‘I was Diagnosed with Arthritis at 22’
Living with arthritis is never easy – especially in your twenties
Living with arthritis in your twenties
When 22-year-old Anna Weigt-Bienzle noticed that her left wrist was swollen, she never thought it would be the first sign of a painful and incurable chronic disorder.
“I did not suspect it was arthritis,” she says.
There’s a common misconception that arthritis is an ailment that only affects the elderly. However, more than half of the 4.6 million Canadians with arthritis are under the age of 65. In fact, many types of arthritis can affect a person at any age.
Weigt-Bienzle was diagnosed with rheumatoid arthritis (RA) just after graduating university and landing her first post-grad job. “I had no intention of letting anything slow me down,” she says, noting how she used to push herself hard and didn’t take the rest she knew her body needed.
People with RA often experience a reduced range of motion due to severe pain and swelling in their joints. “It’s basically a symmetrical disease,” Weigt-Bienzle explains. This means that when she experiences inflammation in one part of her body – like her right knee – she’ll eventually feel the same stiffness and discomfort on her left knee, too.
Although there’s no cure for RA, she’s found ways to help manage the inflammation she gets in her hands, wrists, hips, shoulders, knees and ankles.
For starters, Weigt-Bienzle tries hard to maintain a healthy diet. Each day, she also strives to do at least one hour of physical activity, like walking or weight training. “The more active you are, the better it is for you (if you have arthritis),” she says. “Staying stagnant is not in our best interest.”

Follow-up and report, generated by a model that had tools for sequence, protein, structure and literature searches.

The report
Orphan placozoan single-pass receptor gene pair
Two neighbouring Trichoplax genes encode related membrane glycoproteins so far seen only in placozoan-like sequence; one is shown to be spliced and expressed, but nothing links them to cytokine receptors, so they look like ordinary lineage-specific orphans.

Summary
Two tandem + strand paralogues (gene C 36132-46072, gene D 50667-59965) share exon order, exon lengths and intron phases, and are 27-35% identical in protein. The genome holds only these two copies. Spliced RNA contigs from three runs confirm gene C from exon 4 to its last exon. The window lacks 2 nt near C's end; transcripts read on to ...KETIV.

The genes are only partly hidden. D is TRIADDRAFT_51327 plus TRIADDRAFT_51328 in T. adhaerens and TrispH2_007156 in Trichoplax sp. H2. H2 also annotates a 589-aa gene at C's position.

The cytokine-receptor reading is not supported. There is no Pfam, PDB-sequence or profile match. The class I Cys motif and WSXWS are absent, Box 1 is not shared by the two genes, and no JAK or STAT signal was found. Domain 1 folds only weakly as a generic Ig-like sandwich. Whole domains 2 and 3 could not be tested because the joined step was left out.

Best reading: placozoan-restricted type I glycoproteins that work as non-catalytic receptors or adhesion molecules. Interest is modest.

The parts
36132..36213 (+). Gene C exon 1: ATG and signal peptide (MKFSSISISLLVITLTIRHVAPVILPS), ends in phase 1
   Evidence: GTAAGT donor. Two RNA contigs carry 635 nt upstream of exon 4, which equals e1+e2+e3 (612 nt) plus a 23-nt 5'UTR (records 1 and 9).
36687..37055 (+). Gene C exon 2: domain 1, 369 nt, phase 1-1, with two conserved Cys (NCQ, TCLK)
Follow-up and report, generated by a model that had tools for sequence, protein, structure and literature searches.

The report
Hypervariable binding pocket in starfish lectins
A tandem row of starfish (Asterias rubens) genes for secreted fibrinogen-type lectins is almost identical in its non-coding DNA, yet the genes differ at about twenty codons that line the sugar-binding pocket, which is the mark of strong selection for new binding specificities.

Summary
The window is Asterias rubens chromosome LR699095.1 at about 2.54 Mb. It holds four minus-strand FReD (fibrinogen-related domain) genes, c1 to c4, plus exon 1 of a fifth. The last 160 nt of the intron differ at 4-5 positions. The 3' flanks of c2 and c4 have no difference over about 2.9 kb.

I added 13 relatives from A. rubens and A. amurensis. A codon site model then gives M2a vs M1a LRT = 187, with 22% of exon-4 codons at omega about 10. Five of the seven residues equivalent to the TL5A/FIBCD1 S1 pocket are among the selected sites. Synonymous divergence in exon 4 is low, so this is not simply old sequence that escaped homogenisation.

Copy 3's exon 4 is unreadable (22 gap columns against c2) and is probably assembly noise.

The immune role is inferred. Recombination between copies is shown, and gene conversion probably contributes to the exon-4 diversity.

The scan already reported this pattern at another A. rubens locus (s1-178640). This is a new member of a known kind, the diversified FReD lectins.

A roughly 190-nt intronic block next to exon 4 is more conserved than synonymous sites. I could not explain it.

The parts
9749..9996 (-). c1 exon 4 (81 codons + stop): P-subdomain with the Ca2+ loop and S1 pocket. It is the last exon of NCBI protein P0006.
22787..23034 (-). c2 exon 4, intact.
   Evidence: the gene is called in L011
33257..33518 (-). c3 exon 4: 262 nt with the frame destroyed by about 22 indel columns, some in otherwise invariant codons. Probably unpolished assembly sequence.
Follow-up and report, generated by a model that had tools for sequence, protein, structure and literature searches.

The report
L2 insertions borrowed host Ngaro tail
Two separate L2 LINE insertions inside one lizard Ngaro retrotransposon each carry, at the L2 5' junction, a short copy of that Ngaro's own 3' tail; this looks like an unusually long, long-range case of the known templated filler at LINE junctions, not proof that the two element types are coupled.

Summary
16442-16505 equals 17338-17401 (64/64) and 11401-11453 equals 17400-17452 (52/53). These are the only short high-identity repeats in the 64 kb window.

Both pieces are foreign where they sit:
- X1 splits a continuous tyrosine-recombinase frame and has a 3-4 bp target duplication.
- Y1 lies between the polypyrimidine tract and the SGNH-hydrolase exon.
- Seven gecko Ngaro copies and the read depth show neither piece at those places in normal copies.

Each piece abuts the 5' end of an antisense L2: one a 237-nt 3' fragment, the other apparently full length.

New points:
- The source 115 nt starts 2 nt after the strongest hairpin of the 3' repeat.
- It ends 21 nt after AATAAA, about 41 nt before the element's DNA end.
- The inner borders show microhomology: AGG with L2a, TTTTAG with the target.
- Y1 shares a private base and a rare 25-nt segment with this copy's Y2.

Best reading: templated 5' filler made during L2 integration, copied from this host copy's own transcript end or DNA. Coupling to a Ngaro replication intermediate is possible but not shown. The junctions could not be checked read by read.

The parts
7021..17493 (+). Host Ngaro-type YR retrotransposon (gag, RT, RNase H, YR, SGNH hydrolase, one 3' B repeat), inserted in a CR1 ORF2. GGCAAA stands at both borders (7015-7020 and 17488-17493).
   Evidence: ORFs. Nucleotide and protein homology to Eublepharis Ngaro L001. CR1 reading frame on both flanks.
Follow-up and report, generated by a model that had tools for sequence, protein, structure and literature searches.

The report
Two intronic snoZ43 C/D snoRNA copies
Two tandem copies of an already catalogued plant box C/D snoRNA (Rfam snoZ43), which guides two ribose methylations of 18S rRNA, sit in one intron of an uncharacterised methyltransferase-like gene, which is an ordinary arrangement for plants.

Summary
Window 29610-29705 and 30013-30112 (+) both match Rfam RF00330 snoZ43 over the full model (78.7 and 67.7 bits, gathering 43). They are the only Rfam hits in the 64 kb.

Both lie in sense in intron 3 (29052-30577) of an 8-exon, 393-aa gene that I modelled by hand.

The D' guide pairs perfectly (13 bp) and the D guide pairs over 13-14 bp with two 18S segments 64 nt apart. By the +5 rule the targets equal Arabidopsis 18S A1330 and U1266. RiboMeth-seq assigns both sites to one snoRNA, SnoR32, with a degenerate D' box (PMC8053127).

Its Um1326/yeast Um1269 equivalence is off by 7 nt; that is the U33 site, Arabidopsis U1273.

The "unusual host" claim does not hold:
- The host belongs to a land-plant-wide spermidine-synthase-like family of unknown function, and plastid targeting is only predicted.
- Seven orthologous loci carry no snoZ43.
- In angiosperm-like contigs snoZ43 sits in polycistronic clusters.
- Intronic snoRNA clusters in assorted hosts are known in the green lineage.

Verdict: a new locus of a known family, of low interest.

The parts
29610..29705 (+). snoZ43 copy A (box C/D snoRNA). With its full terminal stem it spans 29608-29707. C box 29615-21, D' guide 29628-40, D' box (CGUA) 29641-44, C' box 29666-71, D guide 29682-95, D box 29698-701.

In the process of trying to keep fit, Weigt-Bienzle fell in love with Moksha yoga. “It’s been a huge help for me,” she says. Practicing yoga three to four times a week has helped increase her mobility, flexibility and strength.
Most importantly, time on the mat has allowed Weigt-Bienzle to better understand her body’s limitations: “Some days are good and some days aren’t as good. Some days I can do a downward dog, other days I have to modify.”
This awareness has helped Weigt-Bienzle to accept her arthritis, which she admits has been a long personal journey. “When you’re first diagnosed, you’re probably very upset,” she says. “Forgiving your body is a crucial first step.”
Five years after being diagnosed with RA, Weigt-Bienzle says that she’s finally in a good place when it comes to managing her chronic illness. Juggling her arthritis, a full social life and her career as a PR specialist isn’t always easy – which is why it helps to connect with others who are living with arthritis.
“You don’t have to explain it – you just know the other person gets it.”
For this reason, Weigt-Bienzle will be sharing more of her story as a Toronto ambassador in The Walk to Fight Arthritis on June 5th. Learn more about The Walk to Fight Arthritis at walktofightarthritis.ca
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